The data released by the State Bank of Pakistan (SBP) showed that the foreign investors withdrew more than one billion dollars from the domestic bonds (treasury bills (T-bills) and Pakistan Investment Bonds (PIBs))during the 2021-22 fiscal year.
This is despite the highly attractive returns on these domestic bonds. The inflows of foreign investment into these bonds almost stopped during March and April when the political tensions were at their peak.
However, the country received $9.9 million on May 6 after a gap of almost two and half months.
The second half of the outgoing fiscal year proved worst for the country as investments from domestic bonds were withdrawn during this period.
Before the political crisis, Pakistan attracted over $25m in T-bills and $5m in PIB in February.
During the entire FY22, the domestic bonds received a total of $341.2m ($236.9m in T-bills and $104.3m in PIBs) while the outflows were $1.055bn.
The T-bills and PIBs rates were regularly increased during the year and in the last auction held on June 29, the 3-month T-bills rate was 15.2 per cent, 6-month 14.8pc and 12-month 14.95pc.
The latest PIB rates for three-year, 5-year and 10-year were 13.97pc, 13.18pc and 13.15pc respectively.
The very high rates of these bonds could not attract foreign investment while the total outflows in FY22 including equity ($943m) were almost $2bn. The country attracted $420.36m in equities. The cumulative net outflow (minus inflows) remained $1.237bn during the just-ended fiscal year.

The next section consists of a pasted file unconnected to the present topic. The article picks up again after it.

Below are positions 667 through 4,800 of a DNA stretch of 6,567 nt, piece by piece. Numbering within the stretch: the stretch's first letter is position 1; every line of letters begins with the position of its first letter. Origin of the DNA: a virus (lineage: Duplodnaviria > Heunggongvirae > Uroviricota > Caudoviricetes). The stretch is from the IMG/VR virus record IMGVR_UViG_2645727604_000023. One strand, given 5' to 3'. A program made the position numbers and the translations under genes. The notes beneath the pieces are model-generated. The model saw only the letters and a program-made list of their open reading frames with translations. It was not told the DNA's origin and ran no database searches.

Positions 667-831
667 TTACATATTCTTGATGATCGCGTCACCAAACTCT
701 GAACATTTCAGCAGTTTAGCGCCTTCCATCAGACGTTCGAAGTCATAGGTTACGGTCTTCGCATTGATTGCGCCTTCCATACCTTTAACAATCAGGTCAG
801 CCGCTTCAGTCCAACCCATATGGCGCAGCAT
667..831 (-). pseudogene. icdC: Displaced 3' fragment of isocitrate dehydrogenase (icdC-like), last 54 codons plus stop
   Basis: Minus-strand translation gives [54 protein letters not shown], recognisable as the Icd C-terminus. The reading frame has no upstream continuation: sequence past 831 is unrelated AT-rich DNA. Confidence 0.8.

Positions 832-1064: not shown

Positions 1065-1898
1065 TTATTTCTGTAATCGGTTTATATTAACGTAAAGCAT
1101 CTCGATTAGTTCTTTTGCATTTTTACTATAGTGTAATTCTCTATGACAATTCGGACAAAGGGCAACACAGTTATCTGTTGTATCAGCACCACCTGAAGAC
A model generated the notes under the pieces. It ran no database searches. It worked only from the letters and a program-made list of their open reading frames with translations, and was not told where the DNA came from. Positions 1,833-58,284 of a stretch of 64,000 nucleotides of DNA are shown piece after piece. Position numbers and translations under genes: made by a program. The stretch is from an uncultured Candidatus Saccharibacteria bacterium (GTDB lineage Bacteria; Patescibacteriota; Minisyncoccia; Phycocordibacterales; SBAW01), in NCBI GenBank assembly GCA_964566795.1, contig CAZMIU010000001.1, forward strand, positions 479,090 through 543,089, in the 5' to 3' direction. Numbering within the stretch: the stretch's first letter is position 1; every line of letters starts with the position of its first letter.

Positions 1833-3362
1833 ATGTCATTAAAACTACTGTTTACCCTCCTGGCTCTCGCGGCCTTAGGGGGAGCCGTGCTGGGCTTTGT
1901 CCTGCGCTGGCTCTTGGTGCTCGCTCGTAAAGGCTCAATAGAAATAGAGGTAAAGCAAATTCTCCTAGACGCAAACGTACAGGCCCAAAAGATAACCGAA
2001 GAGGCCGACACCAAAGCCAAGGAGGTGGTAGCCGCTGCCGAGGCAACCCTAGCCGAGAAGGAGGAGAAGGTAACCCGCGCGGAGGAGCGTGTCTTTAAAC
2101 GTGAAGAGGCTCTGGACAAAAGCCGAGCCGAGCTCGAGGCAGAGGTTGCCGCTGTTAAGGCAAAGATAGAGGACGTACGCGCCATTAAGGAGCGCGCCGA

During FY22, the inflows from the United States (including $199.9m from equity) were $283.2m while the total outflow was $900.3m, reflecting the disappointing situation for the policymakers who are hoping to see higher inflows.
The inflows from the United Kingdom were $195.2m while the outflow was $421m. The 3rd largest investor was the UAE, with an inflow of $109m while the outflow was $251m.
In June, T-bills saw an inflow of $22 million, while the outflow stood at $62.8 million. Meanwhile, there was no activity in PIBs in the last month of the outgoing fiscal year. However, equity saw an inflow of $31.4 million while the outflow was $35.3 million.
It is believed that the prevailing political uncertainty is the main hindrance to foreign investment in domestic bonds. However, the financial sector believes the weak external account position was the main reason for the investors to avoid coming to Pakistan.